Black & Blue dancers to move all night
Thousands of dancers are expected to converge at the annual Black and Blue charity dance event, which begins at 9 p.m. Sunday. (Photo courtesy BBCM Facebook site).
Published Sunday, October 7, 2012 5:19PM EDT
MONTREAL - Gay or Straight?
House, trance or electronic?
Australian, French, German or Montrealer?
DJs spinning at the 22nd Black & Blue Festival will move a sea of humanity on dance floors Sunday night in an event where almost everything goes, except drugs and unprotected sex.
About 7,000 people are expected on dance floors in three rooms at the Palais des Congrès.
From 9 p.m. Sunday to 10 a.m. Monday, dancers will show off their moves in an event dedicated to the causes of inclusion, diversity, openness, peace, equality, altruism and love," according to documentation from the Bad Boy Club of Montreal (BBCM).
Profits will be given to organizations that care for people with HIV/AIDS as well as gay and lesbian groups in the Montreal area, which have received $1.8 million from the event since 1991.
A new addition to this year’s mix is a third hall where people can “sit and listen to down-tempo electronic music,” said the BBCM’s Caroline Rousse, who also adds that many tourists are expected to Montreal for the event.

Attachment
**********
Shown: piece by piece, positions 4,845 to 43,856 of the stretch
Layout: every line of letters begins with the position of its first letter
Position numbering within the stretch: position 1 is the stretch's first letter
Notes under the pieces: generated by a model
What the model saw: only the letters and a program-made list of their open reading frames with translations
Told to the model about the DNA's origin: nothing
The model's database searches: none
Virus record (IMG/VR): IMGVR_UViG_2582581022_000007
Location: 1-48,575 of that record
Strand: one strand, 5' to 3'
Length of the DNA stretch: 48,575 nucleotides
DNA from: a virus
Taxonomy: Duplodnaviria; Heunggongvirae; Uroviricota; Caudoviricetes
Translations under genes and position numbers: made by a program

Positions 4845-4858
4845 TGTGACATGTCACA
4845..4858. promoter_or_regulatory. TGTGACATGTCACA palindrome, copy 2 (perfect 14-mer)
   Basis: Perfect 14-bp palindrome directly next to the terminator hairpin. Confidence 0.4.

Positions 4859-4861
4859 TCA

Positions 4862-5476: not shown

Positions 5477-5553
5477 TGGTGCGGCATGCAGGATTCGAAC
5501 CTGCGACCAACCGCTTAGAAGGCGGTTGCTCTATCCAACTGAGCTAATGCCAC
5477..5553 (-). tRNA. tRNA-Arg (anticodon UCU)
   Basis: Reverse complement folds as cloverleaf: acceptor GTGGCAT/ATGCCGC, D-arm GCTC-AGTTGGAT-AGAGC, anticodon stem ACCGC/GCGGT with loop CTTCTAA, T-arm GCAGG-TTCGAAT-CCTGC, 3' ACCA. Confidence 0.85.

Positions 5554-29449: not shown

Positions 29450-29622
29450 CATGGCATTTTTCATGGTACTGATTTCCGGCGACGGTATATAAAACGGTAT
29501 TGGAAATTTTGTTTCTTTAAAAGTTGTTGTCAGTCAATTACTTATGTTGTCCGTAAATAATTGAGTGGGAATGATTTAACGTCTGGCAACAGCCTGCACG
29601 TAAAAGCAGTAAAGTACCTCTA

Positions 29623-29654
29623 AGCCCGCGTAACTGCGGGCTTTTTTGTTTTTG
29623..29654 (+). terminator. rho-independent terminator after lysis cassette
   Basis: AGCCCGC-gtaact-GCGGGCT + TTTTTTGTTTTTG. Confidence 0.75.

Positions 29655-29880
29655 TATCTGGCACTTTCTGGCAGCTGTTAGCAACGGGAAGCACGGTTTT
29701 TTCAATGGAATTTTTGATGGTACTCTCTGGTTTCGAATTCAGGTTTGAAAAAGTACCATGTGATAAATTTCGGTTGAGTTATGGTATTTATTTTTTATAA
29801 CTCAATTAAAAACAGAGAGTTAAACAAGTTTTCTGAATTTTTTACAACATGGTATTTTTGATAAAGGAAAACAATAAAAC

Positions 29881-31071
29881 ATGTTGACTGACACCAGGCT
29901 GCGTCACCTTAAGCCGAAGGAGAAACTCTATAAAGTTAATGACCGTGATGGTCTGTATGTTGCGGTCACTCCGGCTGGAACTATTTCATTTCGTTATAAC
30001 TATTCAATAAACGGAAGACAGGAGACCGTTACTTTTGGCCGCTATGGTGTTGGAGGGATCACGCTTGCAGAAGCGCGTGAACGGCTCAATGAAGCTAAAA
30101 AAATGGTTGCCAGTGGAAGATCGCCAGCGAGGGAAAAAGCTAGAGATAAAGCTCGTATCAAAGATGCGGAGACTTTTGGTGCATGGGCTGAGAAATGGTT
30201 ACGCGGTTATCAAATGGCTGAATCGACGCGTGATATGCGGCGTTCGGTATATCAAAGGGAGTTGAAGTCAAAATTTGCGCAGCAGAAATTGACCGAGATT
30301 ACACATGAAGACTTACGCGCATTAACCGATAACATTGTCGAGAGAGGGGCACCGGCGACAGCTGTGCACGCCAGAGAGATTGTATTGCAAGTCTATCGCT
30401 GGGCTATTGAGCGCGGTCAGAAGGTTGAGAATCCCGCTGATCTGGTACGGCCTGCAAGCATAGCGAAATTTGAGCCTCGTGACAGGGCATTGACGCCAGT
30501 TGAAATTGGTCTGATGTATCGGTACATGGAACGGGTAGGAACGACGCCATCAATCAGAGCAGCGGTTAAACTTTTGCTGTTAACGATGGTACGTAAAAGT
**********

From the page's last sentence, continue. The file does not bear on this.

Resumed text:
The BBCM also vows to work closely with the Montreal police and security agents and all visitors will be search to keep drugs out. The AIDS Community Care Montreal will distribute condoms and information on HIV and AIDS.
"There will be no sex on site but we’ll still tell visitors, 'don’t forget to protect yourself,'” said Rousse.
“When we started the festival people were dropping like flies all around us. We lost a lot of friends in the 90s,” she said.
“Now 20 years later, we see people, especially young people, who do not protect themselves, even though we now know that about AIDS. Many think it's not big deal and it can be treated. Yet it is very difficult to live with AIDS,” she said.
The BBCM Foundation said that the Black & Blue "is a celebration and recognition of the lifestyle and the unique culture of the gay community." The event is open to all, and organizers estimate that half of the clients are heterosexual.
"Heterosexuals are of course welcome, but they must not be homophobic,” said Rousse, laughing.